Try not to tune out before the end of this sentence: A Microsoft study has found we lose concentration after just eight seconds.
Did you make it through? If so, you’re a rarity and you can continue reading. If not, you’re probably already onto the next thing.
This study comes out of Canada (phew!) where researchers base their findings on two different types of methods. One method was to use a quantitative survey to gauge overall attention, while also paying attention to habits and perceptions. The other method was more physical and involved neurological research to measure attention spikes in the brain.
The goal of the study was to understand the impact technology has on our attention spans.
The first method, using an online survey, involved 2000 participants and consisted of online games where people had to respond to patterns, spot the difference in patterns, and classify numbers and letters.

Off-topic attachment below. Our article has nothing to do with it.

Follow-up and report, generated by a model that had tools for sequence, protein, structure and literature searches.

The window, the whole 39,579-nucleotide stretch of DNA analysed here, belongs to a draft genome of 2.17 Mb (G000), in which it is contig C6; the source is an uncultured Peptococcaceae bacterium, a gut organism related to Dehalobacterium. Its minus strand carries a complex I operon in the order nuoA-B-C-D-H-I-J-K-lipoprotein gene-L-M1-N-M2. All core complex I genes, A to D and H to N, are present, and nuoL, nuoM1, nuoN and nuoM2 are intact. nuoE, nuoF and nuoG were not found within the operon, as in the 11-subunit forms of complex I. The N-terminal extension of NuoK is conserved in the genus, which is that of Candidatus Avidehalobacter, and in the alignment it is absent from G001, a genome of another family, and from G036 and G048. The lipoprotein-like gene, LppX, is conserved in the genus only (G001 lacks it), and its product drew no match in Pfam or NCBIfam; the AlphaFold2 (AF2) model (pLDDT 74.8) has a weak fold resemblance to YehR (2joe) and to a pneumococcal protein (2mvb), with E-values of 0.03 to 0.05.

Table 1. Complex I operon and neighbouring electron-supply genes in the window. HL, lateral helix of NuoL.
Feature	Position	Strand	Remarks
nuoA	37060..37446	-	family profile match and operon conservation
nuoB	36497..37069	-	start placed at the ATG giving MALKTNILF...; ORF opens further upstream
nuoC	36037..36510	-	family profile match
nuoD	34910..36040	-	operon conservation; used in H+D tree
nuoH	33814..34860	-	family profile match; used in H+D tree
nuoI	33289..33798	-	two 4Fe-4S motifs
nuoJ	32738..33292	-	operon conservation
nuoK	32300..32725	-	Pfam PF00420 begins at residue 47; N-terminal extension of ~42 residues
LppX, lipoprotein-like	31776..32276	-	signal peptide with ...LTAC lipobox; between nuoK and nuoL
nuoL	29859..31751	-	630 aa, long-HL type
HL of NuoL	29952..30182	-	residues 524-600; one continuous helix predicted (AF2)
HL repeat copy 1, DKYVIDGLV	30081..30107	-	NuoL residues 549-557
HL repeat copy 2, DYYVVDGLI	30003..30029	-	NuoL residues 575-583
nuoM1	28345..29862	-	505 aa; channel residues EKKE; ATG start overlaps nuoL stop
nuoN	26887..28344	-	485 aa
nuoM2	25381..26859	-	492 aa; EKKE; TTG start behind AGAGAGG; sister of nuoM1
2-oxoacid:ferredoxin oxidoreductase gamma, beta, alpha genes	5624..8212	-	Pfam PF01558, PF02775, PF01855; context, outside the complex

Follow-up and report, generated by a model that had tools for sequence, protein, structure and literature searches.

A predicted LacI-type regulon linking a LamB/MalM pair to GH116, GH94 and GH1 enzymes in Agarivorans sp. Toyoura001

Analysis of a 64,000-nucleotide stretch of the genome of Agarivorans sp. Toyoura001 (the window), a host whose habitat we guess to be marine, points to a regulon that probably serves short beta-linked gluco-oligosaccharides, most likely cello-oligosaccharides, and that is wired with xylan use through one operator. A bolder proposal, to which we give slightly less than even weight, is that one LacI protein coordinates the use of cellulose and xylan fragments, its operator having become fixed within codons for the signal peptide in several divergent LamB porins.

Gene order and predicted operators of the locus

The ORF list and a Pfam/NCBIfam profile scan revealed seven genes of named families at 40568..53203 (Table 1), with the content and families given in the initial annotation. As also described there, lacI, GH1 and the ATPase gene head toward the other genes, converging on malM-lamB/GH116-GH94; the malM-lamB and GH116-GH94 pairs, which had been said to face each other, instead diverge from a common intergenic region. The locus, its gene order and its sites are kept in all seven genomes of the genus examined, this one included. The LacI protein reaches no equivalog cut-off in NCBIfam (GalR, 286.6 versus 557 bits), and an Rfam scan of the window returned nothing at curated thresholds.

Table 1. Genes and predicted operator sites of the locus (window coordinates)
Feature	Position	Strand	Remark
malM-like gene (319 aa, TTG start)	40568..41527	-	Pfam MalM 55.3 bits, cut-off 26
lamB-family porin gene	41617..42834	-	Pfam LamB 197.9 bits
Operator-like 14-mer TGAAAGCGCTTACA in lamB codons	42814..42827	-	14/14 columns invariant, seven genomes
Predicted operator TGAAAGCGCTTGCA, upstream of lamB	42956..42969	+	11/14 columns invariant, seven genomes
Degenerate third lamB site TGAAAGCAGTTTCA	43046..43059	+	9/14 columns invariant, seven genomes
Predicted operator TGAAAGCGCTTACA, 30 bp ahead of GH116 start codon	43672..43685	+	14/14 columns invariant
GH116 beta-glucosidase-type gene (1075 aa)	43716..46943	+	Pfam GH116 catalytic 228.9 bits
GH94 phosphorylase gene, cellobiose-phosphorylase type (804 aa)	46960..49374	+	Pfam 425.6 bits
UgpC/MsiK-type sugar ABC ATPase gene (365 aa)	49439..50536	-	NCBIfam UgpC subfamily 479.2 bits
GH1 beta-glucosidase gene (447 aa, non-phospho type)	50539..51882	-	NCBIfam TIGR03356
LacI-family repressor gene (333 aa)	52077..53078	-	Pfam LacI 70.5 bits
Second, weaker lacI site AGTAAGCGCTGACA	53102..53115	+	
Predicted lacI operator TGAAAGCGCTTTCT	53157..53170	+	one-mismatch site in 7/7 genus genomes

The second method involving an electroencephalography (EEG, which records electrical activity in the brain) focused on brain activity as participants interacted with different media and went about activities across different environments.
The researchers found that there are four top factors that impact our attention these days (or Canadians’, anyway):
- Media consumption
- Social media usage
- Technology adoption rate
- Multi-screening behaviour
Using the EEG, researchers found that “higher usage of social media increases short bursts of high attention”.
It was also found that heavier social media users pay more attention in interactive environments, but that their attention scores were lower than lighter users in more passive experiences, such as watching TV.
Overall, the study indicated that digital lifestyles have a negative impact on prolonged focus: “The thrill of finding something new often makes connected consumers jump off one experience into another. The ‘feel good’ neurotransmitter, dopamine, is released when consumers are doing something they find rewarding.”
So the more digital your lifestyle, the less likely you are to have your attention held for long periods of time – all because you’re waiting for your next hit of dopamine.
And though the average human attention span in 2013 was just eight seconds (one second less than a goldfish), it’s not all bad. Microsoft points out that we’ve gotten better at multitasking in the digital age, so there’s at least something to feel good about living in a tech-saturated society.